A virtual Big Paper can be used to help students explore a topic in-depth, slow down their thinking, and focus on the views of others. In a virtual Big Paper discussion, students respond to a stimulus, such as an interview audio clip or historical document, using a collaborative digital-tool (such as a GoogleDoc, Google Jamboard, Padlet, or VoiceThread).
Learning is social, and taking Big Paper online provides an opportunity for students to exchange ideas and extend their thinking. You can use Big Paper to engage students who are not as likely to participate in verbal discussion and to make sure that students who are eager to talk carefully consider others’ ideas. Big Paper also creates a visual record of students’ thoughts and questions that you can refer back to at any time.
Students can complete a virtual Big Paper discussion asynchronously during a defined time period, though you may choose to complete the final debrief of the activity during a synchronous session.
The following questions can help you plan to use a virtual Big Paper:
Select a Stimulus for Discussion
Begin by selecting the “stimulus”—the material that students will respond to during the activity. A stimulus might consist of questions, quotations, historical documents, excerpts from novels, poetry, or images. Audio clips and videos also make great stimuli in an online environment. This activity is best done when students work asynchronously for a defined period of time (1-2 days) in small groups. Each group can either be given the same stimulus or a different stimulus related to the same theme.
Create the Virtual Big Paper
Create a virtual Big Paper for each group using a collaborative digital tool (such as a GoogleDoc, Google Jamboard, Padlet, or VoiceThread). On each Big Paper, type, embed, or link the stimulus that will be used to spark the students’ discussion.
Try It Out!
Visit our Taking Big Paper Online Padlet to post, connect, and experience the tool.
Visit our Taking Big Paper Online VoiceThread to post, connect, and experience the tool.
Determine how you want to introduce your students to the activity (for example, through video or written instructions or during a synchronous meeting). You can adapt and share the Instructions for Students. Assign students to small groups.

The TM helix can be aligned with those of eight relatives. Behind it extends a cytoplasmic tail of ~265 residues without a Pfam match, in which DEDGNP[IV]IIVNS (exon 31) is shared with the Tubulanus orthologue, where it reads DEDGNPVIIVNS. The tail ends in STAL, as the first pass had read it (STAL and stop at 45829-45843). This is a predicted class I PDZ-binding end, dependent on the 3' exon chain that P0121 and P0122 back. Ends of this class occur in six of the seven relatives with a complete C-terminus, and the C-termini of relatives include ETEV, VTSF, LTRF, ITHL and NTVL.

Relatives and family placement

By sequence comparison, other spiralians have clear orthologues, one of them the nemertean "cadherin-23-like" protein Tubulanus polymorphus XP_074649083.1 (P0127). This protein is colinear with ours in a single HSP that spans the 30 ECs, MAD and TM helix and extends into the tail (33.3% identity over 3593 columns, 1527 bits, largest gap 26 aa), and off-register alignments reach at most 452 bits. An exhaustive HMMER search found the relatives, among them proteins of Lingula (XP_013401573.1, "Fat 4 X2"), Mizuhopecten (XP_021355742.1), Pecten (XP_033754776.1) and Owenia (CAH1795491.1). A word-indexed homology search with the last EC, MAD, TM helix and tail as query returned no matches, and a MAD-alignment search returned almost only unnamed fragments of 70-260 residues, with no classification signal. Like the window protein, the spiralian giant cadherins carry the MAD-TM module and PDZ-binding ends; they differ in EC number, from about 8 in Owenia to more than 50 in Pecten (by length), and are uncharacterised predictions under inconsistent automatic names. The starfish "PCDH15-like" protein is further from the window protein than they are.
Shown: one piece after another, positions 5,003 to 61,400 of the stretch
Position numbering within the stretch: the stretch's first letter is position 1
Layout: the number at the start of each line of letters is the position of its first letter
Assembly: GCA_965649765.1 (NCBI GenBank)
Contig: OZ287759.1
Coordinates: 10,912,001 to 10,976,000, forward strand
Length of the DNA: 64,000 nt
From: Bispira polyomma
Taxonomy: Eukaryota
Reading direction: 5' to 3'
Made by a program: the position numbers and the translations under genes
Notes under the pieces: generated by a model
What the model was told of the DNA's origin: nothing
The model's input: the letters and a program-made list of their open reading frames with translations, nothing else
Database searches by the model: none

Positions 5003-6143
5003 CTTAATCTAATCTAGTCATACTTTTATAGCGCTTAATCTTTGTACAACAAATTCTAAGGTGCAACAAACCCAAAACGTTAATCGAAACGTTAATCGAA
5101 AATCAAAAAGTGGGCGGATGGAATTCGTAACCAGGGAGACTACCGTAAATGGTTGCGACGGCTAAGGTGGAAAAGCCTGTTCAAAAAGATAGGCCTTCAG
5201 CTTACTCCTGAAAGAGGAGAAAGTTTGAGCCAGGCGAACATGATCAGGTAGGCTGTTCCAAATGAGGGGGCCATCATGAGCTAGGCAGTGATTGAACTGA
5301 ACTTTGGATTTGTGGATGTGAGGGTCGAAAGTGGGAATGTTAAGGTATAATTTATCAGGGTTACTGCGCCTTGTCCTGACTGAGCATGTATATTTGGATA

Students Comment on Their Group’s Big Paper
Share the virtual Big Papers with each group. Ask students to post questions and comments on their Big Paper during a defined time period. If a student poses a question on the Big Paper, another should respond. The conversation must start around the text but can stray wherever the students take it. Depending on the tools you use, students can connect a comment to a particular question by drawing lines or including “@” tags.
Students Comment on Other Groups’ Big Papers
Share each group’s virtual Big Paper with the full class. Still working asynchronously, students read other Big Papers, leaving comments or further questions for thought.
Students Return to Their Group’s Big Paper
Have students return to their group’s Big Paper and look at any new comments left by others. Ask students to take out their journals and identify a question or comment that stands out to them after reviewing the new comments. (See our teaching strategy Journals in a Remote Learning Environment for guidance on setting up students’ journals during remote learning.)
Finally, debrief the process with students. To debrief asynchronously, create a new virtual discussion space for the whole class. Begin the conversation with a simple prompt such as, “What did you learn from doing this activity?” Use students’ ideas from the Big Papers to draw out students' thoughts and delve deeper into the content.
You can also debrief the activity during your next synchronous full class meeting.
View our resources for supporting teachers during the COVID-19 pandemic.
Designed for remote settings, this discussion strategy is especially useful when having conversations about controversial topics.